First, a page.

Walt Disney Studio
Bulletin No. 12
March 9, 1936
HOW TO CATCH, BUILD AND MAINTAIN
THE INTEREST OF SPECTATOR IN THE PICTURE
A resume of the examination in the
"Course Fundamentals of Cartoon Story and Expression"
First semester - Dr. Boris V. Morkovin
I. INTERESTING SUBJECT MATTER
1. Familiar subject with a
TORTOISE AND HARE.
The story of a race between the tortoise and hare is age old. Each character,
respectively, has become a symbol for a fairly clear cut type of individual.
They are stock characters which in our picture, were given new interpretations.
If they had been kept one-trait characters, "slow but sure" vs "speedy
but uncertain" they would not have been convincing. Each had to be given
individual touches that would make him a personality, founded on the
basic symbol. The handshaking episode was a small sequence that contributed
to the character of each in this manner. Modeling Max hare after the
then publicized Max Baer gave the story an added element of
LULLABY LAND was
a novel treatment of a familiar subject in an unfamiliar way. The unique
way of bringing to life inanimate objects such as, scissors, safety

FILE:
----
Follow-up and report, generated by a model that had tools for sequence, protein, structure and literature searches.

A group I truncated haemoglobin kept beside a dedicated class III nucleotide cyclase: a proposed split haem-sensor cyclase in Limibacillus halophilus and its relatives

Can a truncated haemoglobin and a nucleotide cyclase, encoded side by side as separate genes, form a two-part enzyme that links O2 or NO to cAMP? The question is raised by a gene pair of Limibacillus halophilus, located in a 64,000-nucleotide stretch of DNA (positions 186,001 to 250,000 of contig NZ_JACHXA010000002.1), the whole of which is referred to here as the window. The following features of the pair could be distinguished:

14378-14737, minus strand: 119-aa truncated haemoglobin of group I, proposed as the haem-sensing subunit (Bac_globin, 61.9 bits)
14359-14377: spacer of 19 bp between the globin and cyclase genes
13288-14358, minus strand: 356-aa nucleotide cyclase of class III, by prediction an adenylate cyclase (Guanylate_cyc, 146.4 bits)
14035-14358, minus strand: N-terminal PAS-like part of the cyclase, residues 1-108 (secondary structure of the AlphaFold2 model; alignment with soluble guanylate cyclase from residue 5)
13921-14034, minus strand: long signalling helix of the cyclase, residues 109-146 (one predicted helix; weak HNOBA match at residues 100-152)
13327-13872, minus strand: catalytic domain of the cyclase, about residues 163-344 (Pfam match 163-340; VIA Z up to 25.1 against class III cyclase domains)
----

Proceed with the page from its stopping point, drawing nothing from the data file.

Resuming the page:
pins, matches, etc., and the baby's natural curiosity, all had great
audience appeal. ([Homer] Brightman)
did not portray a worthwhile idea; theme and moral were very weak. There
was no novelty in the way of presenting it, and characters were unconvincing.
There was a lack of character build up and there was nothing timely
about it. (Kelling)
BROKEN DOLLS - lack
of comprehensive theme made this weak. (Miller)
2. Clearness vs Confusion
is a good example of clarity in presentation and development of the
idea. When the jungle kids mimic Elmer, dangling ropes and leaves in
imitation of his trunk, it is obvious to any spectator why he feels
as he does about his "long nose." Once this
thought has become clearly